• Open fracture: Rarely, the broken bone in a toe fracture may protrude through the skin. This is called an open or compound fracture. Careful cleansing of the wound and possibly antibiotic medication will be needed to prevent the bone from becoming infected. Sometimes surgery may be necessary.

Delayed complications of a broken toe

  • After the toe fracture heals, the person may still be left with arthritis, pain, stiffness, or even a deformity.
  • Sometimes, the fractured bone will not heal completely (called a nonunion), or will heal improperly (called a malunion). Rarely, surgery may be necessary to fix this problem.
Picture of the Anatomy of the Foot
Picture of the Anatomy of the Foot

What Are the Symptoms and Treatment Options for a Broken Little (Pinky) Toe?

Symptoms of a broken little toe (pinky toe) are the same as with the rest of the other toes. However, while a broken pinky toe may be painful, usually it does not limit a person's ability to walk.

What is the treatment for a broken little (pinky) toe?

Treatment for a broken little toe (pinky toe) usually involves buddy taping. This means the injured toe is taped to the toe next to it for support. The non-injured toe acts like a splint.

  • Place a small piece of cotton or gauze in between the little toe and the toe next to it to prevent sores or blisters, and then loosely tape the toes together.
  • The tape can be removed for bathing and put back on afterwards.
  • Toes may need to be buddy taped for up to 4 weeks to heal.

Signs and Symptoms of a Broken Foot

Broken bones in the foot can be very painful. In addition to pain, other symptoms of a broken foot are:

  • Bruising
  • Redness
  • Inability to bear weight on the affected foot
  • Toes may be deformed or broken

How Can You Tell If You Have a Broken Toe?

A doctor will ask questions to determine how the toe was injured and will examine the injured toe and possibly check for other injuries.

It is best to seek medical evaluation soon after the injury to ensure proper treatment and healing.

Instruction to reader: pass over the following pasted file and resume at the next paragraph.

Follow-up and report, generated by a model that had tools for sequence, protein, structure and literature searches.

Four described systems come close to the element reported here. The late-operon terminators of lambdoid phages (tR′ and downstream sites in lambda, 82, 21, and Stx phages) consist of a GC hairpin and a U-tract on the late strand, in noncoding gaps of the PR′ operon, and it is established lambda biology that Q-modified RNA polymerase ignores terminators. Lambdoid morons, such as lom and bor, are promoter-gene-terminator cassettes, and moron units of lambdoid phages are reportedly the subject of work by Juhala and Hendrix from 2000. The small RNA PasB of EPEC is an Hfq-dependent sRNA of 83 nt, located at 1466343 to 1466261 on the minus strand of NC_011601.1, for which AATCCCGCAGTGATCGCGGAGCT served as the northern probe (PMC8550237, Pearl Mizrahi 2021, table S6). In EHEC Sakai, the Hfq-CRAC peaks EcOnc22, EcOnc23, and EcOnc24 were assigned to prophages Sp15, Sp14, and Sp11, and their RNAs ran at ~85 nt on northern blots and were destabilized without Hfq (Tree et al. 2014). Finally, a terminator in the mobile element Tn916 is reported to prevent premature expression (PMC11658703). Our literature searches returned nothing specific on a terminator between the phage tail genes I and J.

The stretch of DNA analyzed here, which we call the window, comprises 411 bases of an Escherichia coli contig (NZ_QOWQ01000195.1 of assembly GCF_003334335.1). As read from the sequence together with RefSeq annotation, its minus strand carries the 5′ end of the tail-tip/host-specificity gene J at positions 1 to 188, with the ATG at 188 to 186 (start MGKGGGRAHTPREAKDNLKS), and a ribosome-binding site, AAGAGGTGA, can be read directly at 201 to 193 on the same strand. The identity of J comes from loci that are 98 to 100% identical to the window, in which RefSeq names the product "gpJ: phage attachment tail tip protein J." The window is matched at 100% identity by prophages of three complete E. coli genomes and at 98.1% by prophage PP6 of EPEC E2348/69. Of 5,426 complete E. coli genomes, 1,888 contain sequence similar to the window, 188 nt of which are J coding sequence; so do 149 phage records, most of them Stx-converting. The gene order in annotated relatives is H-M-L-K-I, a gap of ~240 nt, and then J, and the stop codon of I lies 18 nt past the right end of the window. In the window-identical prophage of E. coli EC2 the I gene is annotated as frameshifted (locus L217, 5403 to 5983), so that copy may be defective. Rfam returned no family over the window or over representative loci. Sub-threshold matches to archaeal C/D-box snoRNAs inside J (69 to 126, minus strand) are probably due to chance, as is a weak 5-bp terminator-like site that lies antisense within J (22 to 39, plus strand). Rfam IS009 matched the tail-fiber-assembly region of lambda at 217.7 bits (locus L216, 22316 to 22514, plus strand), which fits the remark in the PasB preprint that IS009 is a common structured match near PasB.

• A doctor may take an X-ray to determine if a toe is broken.
  • X-ray are not always necessary to make the diagnosis of a broken toe, especially if the break is in one of the smaller toes.

Do I need to see a doctor for a broken toe?

A broken toe may or may not require prolonged medical care. Home remedies to care for a broken toe at home include elevation, ice, and rest (see home remedy section). If the fracture is severe it may require medical attention, a tetanus shot, pain medication, or surgery. The injured toe should be assessed by a health-care professional to determine if more than simple immobilization is necessary.

What Natural or Home Remedies Can Help Soothe the Pain and Swelling of a Broken Toe?

These remedies can be taken at home to help decrease the pain and swelling, and help the fracture heal properly.

Elevation of the injured foot

  • Swelling that occurs after the injury worsens pain.
  • To decrease swelling (and pain), keep the foot raised above the level of the heart as often as possible.
  • Prop the foot up on some pillows, especially when sleeping. Reclining in a lounge chair is also helpful.

Ice the injured toe

  • Put ice in a plastic bag and apply it to the injury for 15 to 20 minutes every 1 to 2 hours for the first 1 one 2 days. Frozen peas or corn may be used in place of ice as it conforms to the injured toe more readily than ice cubes.
  • Place a towel between the skin and the bag of ice, frozen peas, or corn to protect the skin from freezer burn.

Rest (avoid walking on the injured foot)

  • Avoid strenuous exercise, prolonged standing, or walking.
  • Crutches or a special shoe to wear when walking (to avoid putting weight on the fracture) while it heals may be necessary.

What Is the Medical Treatment for a Broken Toe (Meds, Buddy Taping, Booting)?

Depending on the location and severity of the toe fracture, the fracture may need to be put back into place (reduced) and splinted or casted. If there is an open wound near the injured toe, a tetanus shot and antibiotics also may be necessary.

Pain medications for a broken toe

  • Usually only acetaminophen (Tylenol) or ibuprofen (Motrin) is needed for pain.
  • Talk to the doctor before taking any new medications.